Designing an Optical Dispensary with work flow in mind is critical as it can significantly impact the overall patient experience.
We help Optometric business owners achieve positive workflow by making sure of several key points:
Location and look of check-in area
The Check-in area must be easy to approach. Clients don’t want to walk through a maze to get there
We often recommend either a secondary Adjustment station or area for quick pick up. Clients are often coming in to see the optician only or to pick up frames. By keeping a separate lane or area altogether, those clients know they can get in and out faster and they can be taken care of by the optician. And the Optician knows he or she can see their clients directly to make any changes, adjustments, etc.
Clients who are checking in are going to move to the waiting area next. Deciding on the size and layout of the waiting area is important. Again, clients need to feel comfortable. No one wants to be sitting on top of each other yet space needs to be used wisely.
Secondly, location of the waiting area is important. Not just for work flow but for sales. Clients should be able to view eyewear from the waiting area. They should be enticed to walk away from the waiting area and check out the frame selection. This not only increases sales, but gives the client more “me time” to look at the frame offerings and hopefully see ones they like and want to come back to.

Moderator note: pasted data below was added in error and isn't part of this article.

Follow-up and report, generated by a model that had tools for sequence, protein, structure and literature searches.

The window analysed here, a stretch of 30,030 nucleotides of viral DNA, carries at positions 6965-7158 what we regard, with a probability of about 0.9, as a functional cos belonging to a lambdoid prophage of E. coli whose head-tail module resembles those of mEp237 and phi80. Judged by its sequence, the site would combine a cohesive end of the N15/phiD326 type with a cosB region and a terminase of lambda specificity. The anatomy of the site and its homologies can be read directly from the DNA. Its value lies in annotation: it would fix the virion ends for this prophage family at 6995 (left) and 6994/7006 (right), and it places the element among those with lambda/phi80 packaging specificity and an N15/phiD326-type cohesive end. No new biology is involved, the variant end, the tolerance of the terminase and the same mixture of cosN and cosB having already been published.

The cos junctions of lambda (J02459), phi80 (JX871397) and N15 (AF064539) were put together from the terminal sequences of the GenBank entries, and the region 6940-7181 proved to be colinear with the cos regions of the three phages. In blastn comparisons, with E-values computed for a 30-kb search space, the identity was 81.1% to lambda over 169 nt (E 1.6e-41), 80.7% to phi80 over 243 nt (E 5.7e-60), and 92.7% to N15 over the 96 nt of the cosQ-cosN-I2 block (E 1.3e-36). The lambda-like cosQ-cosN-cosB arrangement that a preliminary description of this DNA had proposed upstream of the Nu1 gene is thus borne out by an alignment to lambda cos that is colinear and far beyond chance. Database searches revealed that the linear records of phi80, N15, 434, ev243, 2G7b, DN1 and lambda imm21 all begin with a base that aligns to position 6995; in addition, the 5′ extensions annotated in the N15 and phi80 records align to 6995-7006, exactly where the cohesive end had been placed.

Location of dispensing tables
Dispensing tables are the at the opposite end of the work flow. While check in and waiting are at the beginning of the client experience, the dispensing tables for the choice of frames and fittings come at the end. It’s important for the tables and chairs to be welcoming and comfortable.
Dispensing tables must be situated to give some feel of privacy to the client. As with the waiting room chairs, they should not be too close together and they should not cut off access to the frame displays. Clients want to feel as if they have the Optician’s full attention without others in their space.
The displays themselves
Displays should be inviting. Clients should want to look at the frames on them.
Displays should not be too crowded. Clients should not feel overwhelmed by the frame selection.
Displays should be easy for the Optician and office staff to maintain and clean – messy and dirty displays are not welcoming.
Displays should take into account the populations they are serving. We have light boxes and poster holders where we create the “art work” for them. It is important that pictures of people wearing the eyeglasses and sunglasses look like the customers who come in. This adds to the sense of ease and comfort for the clients.
Eyewear should be easy for Opticians and/or customers to get to. Most of the time clients have direct access to eyewear. However, for certain frames or in certain locations, the Optometric office may prefer to have locking displays or even displays that are behind the counter. These displays must be easy for the Optician to unlock so that they can service their customers quickly and efficiently.